Staff-Sgt. Brent Meyer says the Mounties are investigating the "exact contents and authenticity" of the alleged Al-Shabab video.
The Washington-based terrorism monitoring group SITE, widely considered authoritative on such matters, says the video from the Somalian Islamic extremist group calls for attacks on malls in Canada, the U.S. and Britain.
The brief reference to the West Edmonton Mall is near the end of a 76-minute documentary style video about the 2013 attack on the upscale Westgate Mall in Nairobi, in which 67 people were killed.
"What if such an attack were to occur in the Mall of America in Minnesota? Or the West Edmonton Mall in Canada? Or in London's Oxford Street?" a masked man said on the video.
Al-Shabab claimed responsibility for the attack in Kenya.
Meyer says "there is no evidence at this time of any specific or imminent threat to Canadians."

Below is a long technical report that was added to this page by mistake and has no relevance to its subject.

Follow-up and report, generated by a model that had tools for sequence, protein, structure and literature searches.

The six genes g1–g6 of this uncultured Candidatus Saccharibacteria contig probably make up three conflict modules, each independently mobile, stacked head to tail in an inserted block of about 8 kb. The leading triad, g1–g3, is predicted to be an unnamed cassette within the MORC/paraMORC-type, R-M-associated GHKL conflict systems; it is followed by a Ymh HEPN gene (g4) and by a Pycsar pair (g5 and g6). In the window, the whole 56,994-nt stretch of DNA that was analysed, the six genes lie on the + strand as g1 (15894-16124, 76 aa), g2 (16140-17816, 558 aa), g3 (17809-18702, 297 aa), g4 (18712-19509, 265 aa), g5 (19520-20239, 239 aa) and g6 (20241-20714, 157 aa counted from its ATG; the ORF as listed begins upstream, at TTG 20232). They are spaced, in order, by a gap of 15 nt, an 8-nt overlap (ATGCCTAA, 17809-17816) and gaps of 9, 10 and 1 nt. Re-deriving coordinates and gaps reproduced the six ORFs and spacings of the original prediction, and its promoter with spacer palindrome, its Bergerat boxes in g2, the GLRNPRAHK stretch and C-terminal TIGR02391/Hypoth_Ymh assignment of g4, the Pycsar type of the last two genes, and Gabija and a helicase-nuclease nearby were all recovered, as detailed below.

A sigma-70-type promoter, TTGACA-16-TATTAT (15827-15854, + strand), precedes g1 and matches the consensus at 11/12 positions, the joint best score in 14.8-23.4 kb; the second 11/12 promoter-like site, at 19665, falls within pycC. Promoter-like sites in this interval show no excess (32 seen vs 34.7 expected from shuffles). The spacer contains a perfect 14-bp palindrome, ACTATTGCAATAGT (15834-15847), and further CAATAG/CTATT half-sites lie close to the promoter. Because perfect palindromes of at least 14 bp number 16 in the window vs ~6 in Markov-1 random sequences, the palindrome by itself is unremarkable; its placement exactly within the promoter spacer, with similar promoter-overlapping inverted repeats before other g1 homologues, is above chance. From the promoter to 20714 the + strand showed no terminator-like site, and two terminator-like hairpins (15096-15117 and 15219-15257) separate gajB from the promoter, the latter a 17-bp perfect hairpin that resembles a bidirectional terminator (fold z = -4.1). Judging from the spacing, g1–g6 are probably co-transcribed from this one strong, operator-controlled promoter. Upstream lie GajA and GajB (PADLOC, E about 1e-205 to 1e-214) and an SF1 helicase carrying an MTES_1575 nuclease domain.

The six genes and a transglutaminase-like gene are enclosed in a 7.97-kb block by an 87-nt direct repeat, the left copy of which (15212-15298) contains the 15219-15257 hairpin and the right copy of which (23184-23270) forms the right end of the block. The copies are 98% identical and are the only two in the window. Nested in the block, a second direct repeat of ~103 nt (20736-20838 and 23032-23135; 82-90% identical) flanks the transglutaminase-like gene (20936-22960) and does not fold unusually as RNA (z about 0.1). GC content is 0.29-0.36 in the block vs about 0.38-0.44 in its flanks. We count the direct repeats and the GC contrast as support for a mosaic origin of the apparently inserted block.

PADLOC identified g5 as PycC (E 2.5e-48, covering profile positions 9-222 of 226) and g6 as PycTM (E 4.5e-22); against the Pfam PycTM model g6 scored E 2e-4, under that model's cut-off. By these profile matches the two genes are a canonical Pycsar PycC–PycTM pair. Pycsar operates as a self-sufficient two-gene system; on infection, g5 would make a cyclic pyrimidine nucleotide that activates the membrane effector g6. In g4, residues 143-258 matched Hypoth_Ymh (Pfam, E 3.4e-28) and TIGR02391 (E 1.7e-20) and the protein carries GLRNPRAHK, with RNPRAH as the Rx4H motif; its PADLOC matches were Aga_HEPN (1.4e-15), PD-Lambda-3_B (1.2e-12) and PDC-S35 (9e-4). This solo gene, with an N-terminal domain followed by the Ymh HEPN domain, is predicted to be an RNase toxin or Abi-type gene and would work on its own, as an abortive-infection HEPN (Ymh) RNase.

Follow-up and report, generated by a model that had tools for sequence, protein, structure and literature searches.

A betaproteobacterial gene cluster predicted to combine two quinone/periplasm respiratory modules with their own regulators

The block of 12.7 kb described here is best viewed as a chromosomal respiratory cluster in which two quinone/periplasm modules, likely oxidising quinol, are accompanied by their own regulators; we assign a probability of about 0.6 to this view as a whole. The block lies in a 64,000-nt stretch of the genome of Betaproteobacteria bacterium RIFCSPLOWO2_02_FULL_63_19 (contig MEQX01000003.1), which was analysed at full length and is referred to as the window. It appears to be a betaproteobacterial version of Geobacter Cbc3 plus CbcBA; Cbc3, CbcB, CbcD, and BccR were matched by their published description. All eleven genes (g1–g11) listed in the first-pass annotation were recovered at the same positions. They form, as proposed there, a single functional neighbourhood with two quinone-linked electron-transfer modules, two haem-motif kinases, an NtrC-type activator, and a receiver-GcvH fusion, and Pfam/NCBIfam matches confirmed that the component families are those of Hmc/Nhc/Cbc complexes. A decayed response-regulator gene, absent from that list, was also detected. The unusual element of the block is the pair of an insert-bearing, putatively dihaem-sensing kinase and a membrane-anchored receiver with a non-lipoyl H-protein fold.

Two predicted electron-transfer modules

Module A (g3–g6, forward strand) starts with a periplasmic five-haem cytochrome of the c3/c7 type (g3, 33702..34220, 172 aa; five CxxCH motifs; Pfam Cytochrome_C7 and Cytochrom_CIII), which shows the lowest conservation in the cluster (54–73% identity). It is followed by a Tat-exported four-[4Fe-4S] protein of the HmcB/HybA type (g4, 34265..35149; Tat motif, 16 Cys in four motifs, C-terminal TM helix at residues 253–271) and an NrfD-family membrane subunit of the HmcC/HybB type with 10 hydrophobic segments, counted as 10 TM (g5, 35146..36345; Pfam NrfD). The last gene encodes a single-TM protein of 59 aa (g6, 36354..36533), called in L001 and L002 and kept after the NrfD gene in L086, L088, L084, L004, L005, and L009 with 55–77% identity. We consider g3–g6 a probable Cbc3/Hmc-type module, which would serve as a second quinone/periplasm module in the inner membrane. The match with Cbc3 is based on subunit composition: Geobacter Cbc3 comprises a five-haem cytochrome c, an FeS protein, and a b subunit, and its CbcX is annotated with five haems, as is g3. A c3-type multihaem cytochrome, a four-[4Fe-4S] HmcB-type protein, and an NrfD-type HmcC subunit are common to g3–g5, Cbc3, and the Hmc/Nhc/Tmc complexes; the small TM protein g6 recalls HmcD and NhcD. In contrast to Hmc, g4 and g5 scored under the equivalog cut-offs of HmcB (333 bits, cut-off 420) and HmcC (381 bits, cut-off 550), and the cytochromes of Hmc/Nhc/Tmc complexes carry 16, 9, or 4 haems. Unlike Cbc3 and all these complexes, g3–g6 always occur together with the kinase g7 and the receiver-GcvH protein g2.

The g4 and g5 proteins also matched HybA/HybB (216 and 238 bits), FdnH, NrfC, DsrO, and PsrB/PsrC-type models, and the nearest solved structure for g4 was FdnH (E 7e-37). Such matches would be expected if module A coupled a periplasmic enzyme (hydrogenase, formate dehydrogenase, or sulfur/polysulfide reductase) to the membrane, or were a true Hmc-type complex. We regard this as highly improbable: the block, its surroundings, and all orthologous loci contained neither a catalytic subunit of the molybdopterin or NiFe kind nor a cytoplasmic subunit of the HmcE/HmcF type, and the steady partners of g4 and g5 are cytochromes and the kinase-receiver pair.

North American political leaders condemned those who produced the video.
"Canada will not be intimidated by threats from any terrorist organization," Public Safety Minister Steven Blaney said in the statement.
Speaking on morning talks shows in the U.S., Department of Homeland Security Secretary Jeh Johnson, called the video "the new phase" of the global terrorist threat and said the U.S. took such threats seriously.
"These groups are relying more and more on independent actors to become inspired, drawn to the cause and they'll attack on their own," Johnson said, speaking on CNN's "State of the Union."
"I am very concerned about serious potential threats of independent actors here in the United States. We've seen this now in Europe, we've seen this in Canada."
Edmonton's deputy police chief, Brian Simpson, told reporters at a news conference that West Edmonton Mall is safe.
"We need to do our day to day business. That's how we effectively deal with this. We don't give them more power than they deserve, and quite frankly they don't deserve any power because they are terrorists."
With files from The Associated Press
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